The Scrooge: While it's good for the wise prince to be seen as generous, he shouldn't make his name from overwhelming generosity. Instead, he should spend as little money as possible, and not worry too much about being seen as a miser - because if things go to hell, he'll have enough money to set things right again. That would've been impossible if the prince was overwhelmingly generous and so if things did go to hell, he wouldn't have any money left to set things right again.
You are also encouraged to avoid a lavish lifestyle, especially in times of financial crisis or turmoil, because we all know that being The Caligula might be fun, but it will lead to a sticky end.
Self-Made Man: If you plan to take power through your own guts, skills and will alone, and with minimal to no help from stronger factions, you'll have to fight long and hard to get it but if you succeed with it, you'll have it easy to rule, since your efforts more likely will inspire true and sincere loyalty and respect from your followers and subjects. If you got the power handed to you on a silver plate, you'll find it easy to gain it but hard to keep it, since the easy way in doesn't inspire any true loyalty or respect from your subjects, and there's a chance that those who gave it to you will take it back if they think you don't do well enough.
Shoot the Dog: The book's advice is that if you have to choose between doing the "right" thing and doing the "smart" thing, choose the intelligent option.
Shoot the Messenger: The term, "Machiavellian" is often used to describe dirty or corrupt politics, but Machiavelli wasn't a bad guy. All he did was write a history book and identified which leaders did certain things and stayed in power and which leaders did other things and lost power.
Slave to PR: You should take great interest in public relations and strive not to have bad PR. Subverted in that you should never put public relations before pragmatism.
The Starscream: These guys are something a ruler should be careful of, since they're more dangerous than foreign enemies. If you find out that someone is a Starscream, then you should dispose of him in order to teach the other Starscreams a lesson.
Treacherous Advisor: Similar to The Starscream, these guys are something a prince should be careful of. A backstabbing adviser is much more dangerous since they have more influence in the court, and if they grow too ambitious, they will gladly use this influence for their own needs. If a prince finds out that his adviser is much more concerned about himself than about the prince or the state, he should fire him at once.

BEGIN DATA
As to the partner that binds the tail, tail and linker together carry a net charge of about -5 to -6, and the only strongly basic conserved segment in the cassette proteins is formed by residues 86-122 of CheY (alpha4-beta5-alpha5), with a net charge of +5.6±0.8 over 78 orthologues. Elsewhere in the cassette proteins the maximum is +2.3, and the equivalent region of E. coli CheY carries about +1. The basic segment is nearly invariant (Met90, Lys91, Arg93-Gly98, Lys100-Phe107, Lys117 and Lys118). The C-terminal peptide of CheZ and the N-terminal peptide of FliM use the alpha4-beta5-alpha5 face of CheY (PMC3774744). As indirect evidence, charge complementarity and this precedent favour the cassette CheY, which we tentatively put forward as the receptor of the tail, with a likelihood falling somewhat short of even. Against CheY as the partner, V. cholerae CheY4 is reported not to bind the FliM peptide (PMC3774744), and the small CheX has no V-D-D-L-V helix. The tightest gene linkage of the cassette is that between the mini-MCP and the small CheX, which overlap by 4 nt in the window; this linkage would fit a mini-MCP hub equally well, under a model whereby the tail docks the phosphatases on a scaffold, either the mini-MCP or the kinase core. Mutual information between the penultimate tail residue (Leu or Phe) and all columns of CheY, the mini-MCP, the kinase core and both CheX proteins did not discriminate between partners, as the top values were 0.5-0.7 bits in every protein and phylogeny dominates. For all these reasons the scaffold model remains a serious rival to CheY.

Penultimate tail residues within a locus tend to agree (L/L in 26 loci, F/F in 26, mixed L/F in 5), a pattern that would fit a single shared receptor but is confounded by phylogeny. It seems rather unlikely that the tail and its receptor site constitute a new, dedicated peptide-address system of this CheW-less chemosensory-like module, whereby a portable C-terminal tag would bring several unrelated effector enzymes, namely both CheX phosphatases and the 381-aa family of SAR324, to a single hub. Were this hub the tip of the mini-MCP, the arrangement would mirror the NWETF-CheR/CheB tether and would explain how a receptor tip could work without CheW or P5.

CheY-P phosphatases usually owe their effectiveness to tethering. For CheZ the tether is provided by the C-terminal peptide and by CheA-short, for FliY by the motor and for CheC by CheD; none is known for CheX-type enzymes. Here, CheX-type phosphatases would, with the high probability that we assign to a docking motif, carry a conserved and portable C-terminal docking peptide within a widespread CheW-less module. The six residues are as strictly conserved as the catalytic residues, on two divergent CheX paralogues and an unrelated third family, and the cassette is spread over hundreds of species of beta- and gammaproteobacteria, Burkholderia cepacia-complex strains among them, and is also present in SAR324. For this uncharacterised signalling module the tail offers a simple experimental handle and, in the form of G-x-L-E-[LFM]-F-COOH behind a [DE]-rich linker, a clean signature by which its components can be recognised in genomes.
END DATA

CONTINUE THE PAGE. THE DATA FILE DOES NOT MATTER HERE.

Villain Ball Magnet: "A new prince, of all rulers, finds it impossible to avoid a reputation of cruelty, because of the abundant dangers inherent in a newly won state."
Villains Never Lie: Machiavelli advises that a prince should maintain his word as honesty would earn him respect. However, he shouldn't be above breaking promises if necessary. The most pragmatic decision however is to not make any promises at all.
Warrior Prince: Fighting on the front lines alongside with your troops is a great way to boost positive PR, especially among the soldiers.
We Are Struggling Together: The last few chapters of the book blame many of Italy's woes on this trope. He concludes by asking the Medicis to seize Italy and conquer it with Italian armies, thereby averting the problems that had cropped up with using mercenaries. His pleas would eventually be answered... 350 years later by Giuseppe Garibaldi.
What Would X Do?: Chapter XIV: To ensure his success, a prince must choose a model that he admires and follow his actions to be like him (but obviously, don’t follow his errors).
But to exercise the intellect the prince should read histories, and study there the actions of illustrious men, to see how they have borne themselves in war, to examine the causes of their victories and defeat, so as to avoid the latter and imitate the former; and above all do as an illustrious man did, who took as an exemplar one who had been praised and famous before him, and whose achievements and deeds he always kept in his mind, as it is said Alexander the Great imitated Achilles, Caesar Alexander, Scipio Cyrus. And whoever reads the life of Cyrus, written by Xenophon, will recognize afterwards in the life of Scipio how that imitation was his glory, and how in chastity, affability, humanity, and liberality Scipio conformed to those things which have been written of Cyrus by Xenophon.